All Campaigns subcategories:
Youth Fight for Jobs
Tories threaten young people's welfare, housing and education
Fight for our future!
Helen Pattison, Youth Fight for Jobs
Sitting in my first A-level economics lesson a year before US bank Lehman Brothers declared bankruptcy my teacher said to us: "before you finish this course the economy will have crashed and there will be an economic crisis".
Growing up after the crash, the impact of austerity hits you at every turn. At college students have lost EMA (money for students from low income families to help pay for books and travel).
University fees have been tripled to £9,000 a year with further hikes threatened. There are no decent jobs - unemployment, zero-hour contracts and bogus self-employment plague the job market. As if it hasn't been tough enough growing up in austerity Britain, the Tories have more in store.
All of these changes are in the name of austerity - cutting back on government spending on the services, support and welfare many of us will need at some point in our lives.
After years of this approach, the economy is still not in a strong position and working class and young people are suffering increasing poverty. Despite this, it's not been a difficult time for everyone: landlords charging sky-high rents to low paid tenants, for example, receive £9 billion in housing benefit every year.
Youth Fight for Jobs points out that the housing benefit bill could be slashed by capping rents at an affordable level.
If the Tories succeed, 18 to 21 year olds will no longer be able to claim housing benefit. Already only 5.5% of properties in London are affordable to under-35s. Around 20,000 people will be affected and a spike in youth homeless is guaranteed.
The housing situation for young people is already dire - the last government oversaw an increase in homelessness and evictions. Half of those who've declared themselves homeless are under-25.
The companies we work for and the poverty wages they pay are part of the problem too. They should be forced to pay a £10 an hour minimum wage - to begin to reflect the real cost of living.
The other change is to Jobseekers' Allowance. Young people will be shifted on to the Youth Allowance. They will have to work for 30 hours a week and job search for ten hours, or lose their benefits. This works out at £1.91 an hour - £3.22 less than the minimum wage for under-21's.
Contrary to Cameron's declaration that this scheme will "effectively abolish long-term youth unemployment" it will make youth unemployment worse. Why employ someone on a proper contract when the job centre will send you young people to work for free?
It's a race to the bottom with the government forcing 50,000 people to work for well below the minimum wage. There are examples of staff being made redundant and then forced to work for free for their old employer under similar previous schemes. Youth Fight for Jobs says, if there's work to do, pay a proper wage and give a proper contract for someone to do it!
Cameron and the Tories will not solve the housing or job crisis. The plans and schemes they have put in place are benefiting big business. But rather than being ground down, it's time to push back. The wave of protests after the election is just the beginning.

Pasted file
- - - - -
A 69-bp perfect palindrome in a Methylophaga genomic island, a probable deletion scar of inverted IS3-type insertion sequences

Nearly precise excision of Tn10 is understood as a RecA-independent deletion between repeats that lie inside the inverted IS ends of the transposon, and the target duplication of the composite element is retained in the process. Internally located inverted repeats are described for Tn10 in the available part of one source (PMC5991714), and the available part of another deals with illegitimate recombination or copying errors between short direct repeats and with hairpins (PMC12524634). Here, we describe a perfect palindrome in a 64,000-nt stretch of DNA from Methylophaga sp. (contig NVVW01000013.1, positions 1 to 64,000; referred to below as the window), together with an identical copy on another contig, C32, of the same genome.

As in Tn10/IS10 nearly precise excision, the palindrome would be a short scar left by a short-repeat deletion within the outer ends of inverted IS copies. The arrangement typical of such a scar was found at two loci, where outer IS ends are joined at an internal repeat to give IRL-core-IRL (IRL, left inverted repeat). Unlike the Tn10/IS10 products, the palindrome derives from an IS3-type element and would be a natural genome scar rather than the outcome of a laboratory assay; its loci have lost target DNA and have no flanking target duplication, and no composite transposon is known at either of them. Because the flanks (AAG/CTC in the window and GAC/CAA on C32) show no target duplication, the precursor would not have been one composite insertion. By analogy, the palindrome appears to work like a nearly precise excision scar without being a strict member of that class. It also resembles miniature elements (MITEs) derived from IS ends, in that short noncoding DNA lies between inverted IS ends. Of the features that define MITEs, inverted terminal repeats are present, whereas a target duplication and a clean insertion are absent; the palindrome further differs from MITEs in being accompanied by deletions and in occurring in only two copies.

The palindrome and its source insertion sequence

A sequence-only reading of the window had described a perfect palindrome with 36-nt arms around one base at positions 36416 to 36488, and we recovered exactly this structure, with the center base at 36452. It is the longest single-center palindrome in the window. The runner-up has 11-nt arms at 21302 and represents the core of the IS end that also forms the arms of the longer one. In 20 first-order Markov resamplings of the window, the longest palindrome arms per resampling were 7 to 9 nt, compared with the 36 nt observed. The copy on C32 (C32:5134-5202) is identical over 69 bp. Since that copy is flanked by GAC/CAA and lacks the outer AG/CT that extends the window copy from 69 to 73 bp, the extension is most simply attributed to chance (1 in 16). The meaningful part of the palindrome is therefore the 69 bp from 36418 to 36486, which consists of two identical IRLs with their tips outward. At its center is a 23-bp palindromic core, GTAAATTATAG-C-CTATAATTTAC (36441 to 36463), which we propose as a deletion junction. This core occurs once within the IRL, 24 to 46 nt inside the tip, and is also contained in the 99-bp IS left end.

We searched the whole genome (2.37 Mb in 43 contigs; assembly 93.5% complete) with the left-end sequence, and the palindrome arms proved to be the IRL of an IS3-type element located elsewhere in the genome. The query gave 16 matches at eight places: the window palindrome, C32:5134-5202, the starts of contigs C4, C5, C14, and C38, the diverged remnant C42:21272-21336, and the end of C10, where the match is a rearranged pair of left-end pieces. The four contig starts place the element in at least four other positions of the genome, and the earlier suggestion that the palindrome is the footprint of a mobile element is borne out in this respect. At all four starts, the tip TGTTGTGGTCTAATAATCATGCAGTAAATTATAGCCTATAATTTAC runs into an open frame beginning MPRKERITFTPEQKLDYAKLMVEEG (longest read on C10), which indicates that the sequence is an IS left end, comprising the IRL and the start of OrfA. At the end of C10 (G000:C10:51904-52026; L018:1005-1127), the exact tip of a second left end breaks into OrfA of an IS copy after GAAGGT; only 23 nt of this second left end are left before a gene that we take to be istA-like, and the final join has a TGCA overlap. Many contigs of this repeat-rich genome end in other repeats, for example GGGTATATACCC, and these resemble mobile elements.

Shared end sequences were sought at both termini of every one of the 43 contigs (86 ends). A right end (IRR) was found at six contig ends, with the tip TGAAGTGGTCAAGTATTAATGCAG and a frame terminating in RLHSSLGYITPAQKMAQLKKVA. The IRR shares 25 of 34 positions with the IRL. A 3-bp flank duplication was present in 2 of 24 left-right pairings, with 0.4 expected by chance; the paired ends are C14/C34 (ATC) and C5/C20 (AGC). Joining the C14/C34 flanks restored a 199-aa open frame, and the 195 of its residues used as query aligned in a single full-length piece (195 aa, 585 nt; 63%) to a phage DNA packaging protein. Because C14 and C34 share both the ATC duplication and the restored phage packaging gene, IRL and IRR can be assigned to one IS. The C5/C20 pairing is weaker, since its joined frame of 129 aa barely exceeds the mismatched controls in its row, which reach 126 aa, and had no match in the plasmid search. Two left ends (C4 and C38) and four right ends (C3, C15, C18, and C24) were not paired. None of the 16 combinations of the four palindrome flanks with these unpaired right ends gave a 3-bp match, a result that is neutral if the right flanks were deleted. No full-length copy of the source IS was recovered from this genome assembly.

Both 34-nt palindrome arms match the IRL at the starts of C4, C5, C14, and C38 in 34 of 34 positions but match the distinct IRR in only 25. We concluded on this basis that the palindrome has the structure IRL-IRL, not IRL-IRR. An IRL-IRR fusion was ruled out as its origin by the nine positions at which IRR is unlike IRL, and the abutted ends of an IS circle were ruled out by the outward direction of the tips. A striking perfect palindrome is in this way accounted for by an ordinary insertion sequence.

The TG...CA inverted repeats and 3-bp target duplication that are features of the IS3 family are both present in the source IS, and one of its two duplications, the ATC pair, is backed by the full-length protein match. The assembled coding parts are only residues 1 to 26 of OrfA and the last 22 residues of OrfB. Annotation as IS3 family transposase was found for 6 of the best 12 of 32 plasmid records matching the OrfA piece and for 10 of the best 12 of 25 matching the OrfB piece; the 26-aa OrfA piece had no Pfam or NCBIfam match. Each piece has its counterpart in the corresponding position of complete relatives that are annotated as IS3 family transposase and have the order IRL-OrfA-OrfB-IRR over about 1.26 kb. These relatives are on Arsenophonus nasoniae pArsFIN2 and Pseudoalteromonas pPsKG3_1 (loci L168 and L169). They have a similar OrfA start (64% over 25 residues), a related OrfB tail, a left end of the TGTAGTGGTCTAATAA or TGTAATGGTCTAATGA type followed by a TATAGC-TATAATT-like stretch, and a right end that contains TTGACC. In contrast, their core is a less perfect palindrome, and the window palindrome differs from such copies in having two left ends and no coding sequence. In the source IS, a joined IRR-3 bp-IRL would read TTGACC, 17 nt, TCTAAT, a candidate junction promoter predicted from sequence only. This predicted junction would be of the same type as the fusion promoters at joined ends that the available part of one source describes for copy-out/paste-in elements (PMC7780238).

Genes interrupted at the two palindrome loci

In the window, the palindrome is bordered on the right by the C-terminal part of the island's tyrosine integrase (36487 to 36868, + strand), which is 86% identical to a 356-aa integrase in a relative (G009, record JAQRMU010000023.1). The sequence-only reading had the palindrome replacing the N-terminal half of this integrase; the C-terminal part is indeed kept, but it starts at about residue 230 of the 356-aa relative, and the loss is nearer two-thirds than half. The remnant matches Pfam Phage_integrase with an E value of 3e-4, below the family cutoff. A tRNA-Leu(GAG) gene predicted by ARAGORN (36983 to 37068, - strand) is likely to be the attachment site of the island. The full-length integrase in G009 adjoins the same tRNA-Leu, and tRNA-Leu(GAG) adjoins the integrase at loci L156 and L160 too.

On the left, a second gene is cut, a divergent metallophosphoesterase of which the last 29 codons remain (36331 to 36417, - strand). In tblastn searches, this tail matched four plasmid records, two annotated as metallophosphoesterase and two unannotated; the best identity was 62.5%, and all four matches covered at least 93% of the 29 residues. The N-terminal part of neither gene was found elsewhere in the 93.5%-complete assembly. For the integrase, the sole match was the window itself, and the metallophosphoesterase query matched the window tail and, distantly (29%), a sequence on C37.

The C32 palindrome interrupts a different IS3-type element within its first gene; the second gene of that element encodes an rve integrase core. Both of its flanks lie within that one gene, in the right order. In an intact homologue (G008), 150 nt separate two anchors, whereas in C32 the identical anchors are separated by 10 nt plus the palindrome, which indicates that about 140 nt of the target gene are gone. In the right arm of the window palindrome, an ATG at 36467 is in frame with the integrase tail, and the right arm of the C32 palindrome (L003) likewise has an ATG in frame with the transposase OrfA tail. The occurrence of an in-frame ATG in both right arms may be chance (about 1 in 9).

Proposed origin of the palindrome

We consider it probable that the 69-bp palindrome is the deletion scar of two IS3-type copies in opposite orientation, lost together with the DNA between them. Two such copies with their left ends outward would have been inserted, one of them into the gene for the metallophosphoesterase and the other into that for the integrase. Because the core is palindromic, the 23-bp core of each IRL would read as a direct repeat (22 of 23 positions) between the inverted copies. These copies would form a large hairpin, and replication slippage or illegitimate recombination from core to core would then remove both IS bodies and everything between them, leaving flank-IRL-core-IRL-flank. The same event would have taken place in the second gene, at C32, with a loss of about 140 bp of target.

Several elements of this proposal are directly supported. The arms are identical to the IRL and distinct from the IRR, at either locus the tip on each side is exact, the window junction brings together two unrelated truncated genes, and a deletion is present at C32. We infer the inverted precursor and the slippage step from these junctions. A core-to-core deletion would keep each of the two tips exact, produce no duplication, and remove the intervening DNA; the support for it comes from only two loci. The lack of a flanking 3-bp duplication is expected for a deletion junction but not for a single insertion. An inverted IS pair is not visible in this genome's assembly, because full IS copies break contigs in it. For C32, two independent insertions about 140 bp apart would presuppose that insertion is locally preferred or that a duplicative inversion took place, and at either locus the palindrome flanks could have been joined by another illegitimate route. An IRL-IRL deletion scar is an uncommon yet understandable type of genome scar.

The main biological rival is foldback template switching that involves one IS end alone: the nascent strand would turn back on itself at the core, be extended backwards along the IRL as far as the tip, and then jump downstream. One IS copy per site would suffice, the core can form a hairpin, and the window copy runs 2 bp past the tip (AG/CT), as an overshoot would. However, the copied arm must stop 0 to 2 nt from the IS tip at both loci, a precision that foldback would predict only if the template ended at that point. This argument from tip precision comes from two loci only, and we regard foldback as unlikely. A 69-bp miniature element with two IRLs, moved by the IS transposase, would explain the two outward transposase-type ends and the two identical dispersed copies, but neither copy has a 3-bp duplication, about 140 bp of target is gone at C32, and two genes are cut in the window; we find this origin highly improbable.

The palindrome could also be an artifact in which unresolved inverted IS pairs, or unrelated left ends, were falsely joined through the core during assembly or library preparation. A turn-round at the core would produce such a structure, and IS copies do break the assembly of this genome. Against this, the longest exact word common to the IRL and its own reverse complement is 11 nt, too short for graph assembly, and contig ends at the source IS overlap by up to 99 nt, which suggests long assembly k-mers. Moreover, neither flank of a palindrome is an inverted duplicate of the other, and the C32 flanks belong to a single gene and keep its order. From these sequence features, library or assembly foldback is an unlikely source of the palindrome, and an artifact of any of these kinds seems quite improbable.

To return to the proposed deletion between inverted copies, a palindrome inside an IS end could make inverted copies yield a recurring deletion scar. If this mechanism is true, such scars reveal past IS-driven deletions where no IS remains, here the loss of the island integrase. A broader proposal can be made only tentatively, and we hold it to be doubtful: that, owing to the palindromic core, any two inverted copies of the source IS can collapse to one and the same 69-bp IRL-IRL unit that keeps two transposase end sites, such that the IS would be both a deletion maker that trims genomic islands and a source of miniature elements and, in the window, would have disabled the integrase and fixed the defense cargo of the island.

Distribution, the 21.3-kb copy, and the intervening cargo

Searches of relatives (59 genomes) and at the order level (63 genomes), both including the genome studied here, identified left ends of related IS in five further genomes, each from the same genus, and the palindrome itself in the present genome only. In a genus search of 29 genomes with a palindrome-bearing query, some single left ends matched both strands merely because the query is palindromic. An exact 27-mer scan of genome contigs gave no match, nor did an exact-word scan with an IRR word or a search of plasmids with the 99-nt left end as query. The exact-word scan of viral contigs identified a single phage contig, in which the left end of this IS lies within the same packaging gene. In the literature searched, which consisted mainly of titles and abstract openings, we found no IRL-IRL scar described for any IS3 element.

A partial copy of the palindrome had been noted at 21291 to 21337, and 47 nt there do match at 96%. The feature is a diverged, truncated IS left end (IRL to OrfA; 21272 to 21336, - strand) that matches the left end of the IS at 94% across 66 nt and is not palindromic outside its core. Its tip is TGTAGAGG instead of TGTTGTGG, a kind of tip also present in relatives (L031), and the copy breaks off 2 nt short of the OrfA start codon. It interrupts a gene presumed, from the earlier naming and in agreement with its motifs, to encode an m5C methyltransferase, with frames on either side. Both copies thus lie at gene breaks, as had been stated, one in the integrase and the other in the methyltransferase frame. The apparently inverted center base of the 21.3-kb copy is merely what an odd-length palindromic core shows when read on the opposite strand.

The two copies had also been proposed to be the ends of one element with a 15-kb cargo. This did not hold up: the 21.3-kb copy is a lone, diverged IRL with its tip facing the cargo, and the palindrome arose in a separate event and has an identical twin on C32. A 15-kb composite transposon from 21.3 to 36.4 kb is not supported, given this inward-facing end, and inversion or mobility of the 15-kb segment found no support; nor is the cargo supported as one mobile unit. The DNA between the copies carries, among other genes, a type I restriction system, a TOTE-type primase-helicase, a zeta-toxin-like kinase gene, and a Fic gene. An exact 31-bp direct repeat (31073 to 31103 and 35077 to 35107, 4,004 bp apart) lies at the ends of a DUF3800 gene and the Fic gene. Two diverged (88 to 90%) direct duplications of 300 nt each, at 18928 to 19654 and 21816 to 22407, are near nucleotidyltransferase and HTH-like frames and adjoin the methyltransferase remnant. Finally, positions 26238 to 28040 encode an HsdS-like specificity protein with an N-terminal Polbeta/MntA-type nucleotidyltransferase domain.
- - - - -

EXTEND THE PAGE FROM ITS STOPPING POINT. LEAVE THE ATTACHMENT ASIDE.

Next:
We call on young people to join a union, get active and campaign to make it a fighting organisation that struggles hard for the things we need.
The trade unions have a responsibility to reach out and organise the many young workers in un-unionised, casualised workplaces. Trade unions such as the bakers' union BFAWU are actively organising like this with Youth Fight for Jobs in the Fast Food Rights campaign - calling for £10 an hour now, trade union rights and an end to zero-hour contracts.
Students from school to university will not sit still while education is dismantled around them. In south London, students at schools threatened with academy status have organised big protests and student ballots - showing the fightback they can organise.
In 2010 hundreds of thousands of young people took part in the student movement against the trebling of tuition fees and the scrapping of EMA. We need to rekindle the spirit of that movement.
And young people will be at the forefront of community campaigns against sanctions, benefit cuts and the closure of local services.
We have to keep up the pressure on government and local councils. It is young renters who have led many of the inspiring occupations and protests against the housing crisis, particularly in London.
Join Youth Fight for Jobs and help prepare for a mass movement of young people against austerity. A summer of protest fuelled by anger from below is the welcome this Tory government deserves.
■ www.youthfightforjobs.com for reports of the day of action to protest at the Queens Speech on 27 May and for details of protests on the next day of action - budget day on 8 July
Youth Fight for Jobs demands:
- End austerity - no to five more years of cuts to jobs, education and public services
- Stop welfare cuts - no compulsory workfare for 18-21 year olds, defend housing benefit
- Fight poverty pay - raise the minimum wage to £10 now, scrap zero-hour contracts
- Defend education - no to cuts and tuition fees
- Democratic rights - stop attacks on the right to protest and civil liberties. For proportional representation and votes at 16
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